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Most people install hot tubs outdoors due to their weight, size, and humidity-creating steam that quickly disappears into the atmosphere when out in the open.
The question is, can you put a hot tub indoors?
The short answer is yes, you can put a hot tub indoors. However, you need to make sure you have a sturdy floor, proper drainage, and ventilation—and of course permission from any HOA or landlord if you’re not the homeowner.
But what are the benefits of doing this? Are there drawbacks? And how do you maintain an indoor tub? There are several factors you need to consider here. The information below should help you out.
How to put a hot tub indoors safely
Is the room you’re thinking of suitable? Here’s what you need to check:
First things first, you need to make sure the floor is a flat, level surface that can support the weight of a hot tub.
A filled spa can weigh 5,000 lbs (or even more), so it is always safest to place the tub on a concrete slab. Garage floors are perfect.
Building codes in most areas require upper floors to be built to support a minimum of 40-50 lbs per square foot, increasing to 100 lbs per square foot for balconies, so always contact a structural engineer if you’re considering putting a spa on an upper floor.
As well as the weight-bearing capacity, you must also ensure the location you pick can withstand splashes or water dripping off your body as get out.
Wooden and carpeted floors can rot or grow mold and mildew, while hard surfaces with tiles, concrete, or laminate can present a slipping hazard. Your best bet is a matte, non-slip tile.
It can be expensive to change the flooring, but you can always place a bath mat by the tub in a pinch, and keep towels handy so people can dry themselves before walking back through the house.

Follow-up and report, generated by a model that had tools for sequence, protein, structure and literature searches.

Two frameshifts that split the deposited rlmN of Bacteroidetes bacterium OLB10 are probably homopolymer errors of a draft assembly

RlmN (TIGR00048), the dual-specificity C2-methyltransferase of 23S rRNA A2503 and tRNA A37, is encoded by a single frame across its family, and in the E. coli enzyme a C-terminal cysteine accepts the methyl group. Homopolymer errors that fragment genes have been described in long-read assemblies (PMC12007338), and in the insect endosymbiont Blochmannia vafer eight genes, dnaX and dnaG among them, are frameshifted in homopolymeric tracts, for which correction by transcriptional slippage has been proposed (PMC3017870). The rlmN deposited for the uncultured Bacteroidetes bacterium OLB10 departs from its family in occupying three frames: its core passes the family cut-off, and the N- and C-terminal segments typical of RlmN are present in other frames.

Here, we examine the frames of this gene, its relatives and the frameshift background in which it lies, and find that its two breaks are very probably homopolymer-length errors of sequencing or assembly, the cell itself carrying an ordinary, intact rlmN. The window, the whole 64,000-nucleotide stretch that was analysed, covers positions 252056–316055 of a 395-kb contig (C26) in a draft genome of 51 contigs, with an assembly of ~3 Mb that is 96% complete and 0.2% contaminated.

Access to water and power
Of course, you must have access to water and electricity to fill and run the hot tub, which might require some professional installation work—especially for the source of power (assuming you want a 240V circuit instead of just plug-n-play).
Many people find a 110V hot tub to be just fine indoors though, as the pump doesn’t have to work so hard to heat the water when the ambient temperature is room temperature anyway.
Hot tubs need draining every 3-6 months. This process involves attaching a hose to the drain plug so that you can direct the water somewhere it can drain.
So, you need to set up the tub at a convenient location where you can run the hose to an appropriate drain. You don’t want to cause flooding anywhere, but especially not indoors.
Benefits of putting a hot tub indoors
If you have enough space indoors with sturdy flooring to hold the weight of a hot tub, water, and occupants, it could be a great idea to put your hot tub indoors for the following reasons:
Reduced maintenance issues
With an outdoor hot tub, you always have to filter out bugs, pollen, leaves, and even pebbles that fall into the water.
However, the case is different with an indoor tub. It will require less maintenance work because there are simply fewer contaminants to make their way into the tub.
Your cover will also get a lot less wear and tear when it’s not exposed to the elements!
Even if they are in your backyard, outdoor hot tubs are not always private. Neighboring properties might overlook your area, leaving you exposed to prying eyes—especially from upper floors. However, you can be assured of total privacy when you install the tub indoors.
Whether warm or cold outside, you can control the temperature indoors—and this means getting to use your hot tub during any season.
Cuts down on unused space
If you have a big house, or if the kids have moved out, what can you do with the extra space? A hot tub can be a great addition to your home in one of the unused rooms to make use of the empty space.
It’s more convenient to get in and out of an indoor hot tub because everything in the house will be within closer reach. Need another drink? Just grab one from the kitchen. Want to get in the shower after? It’s right there.
What’s more, it’s safer and easier to use an indoor tub at night because you have indoor lighting. And you won’t need to apply sunscreen to use your tub on sunny days either.
Problems with indoor hot tubs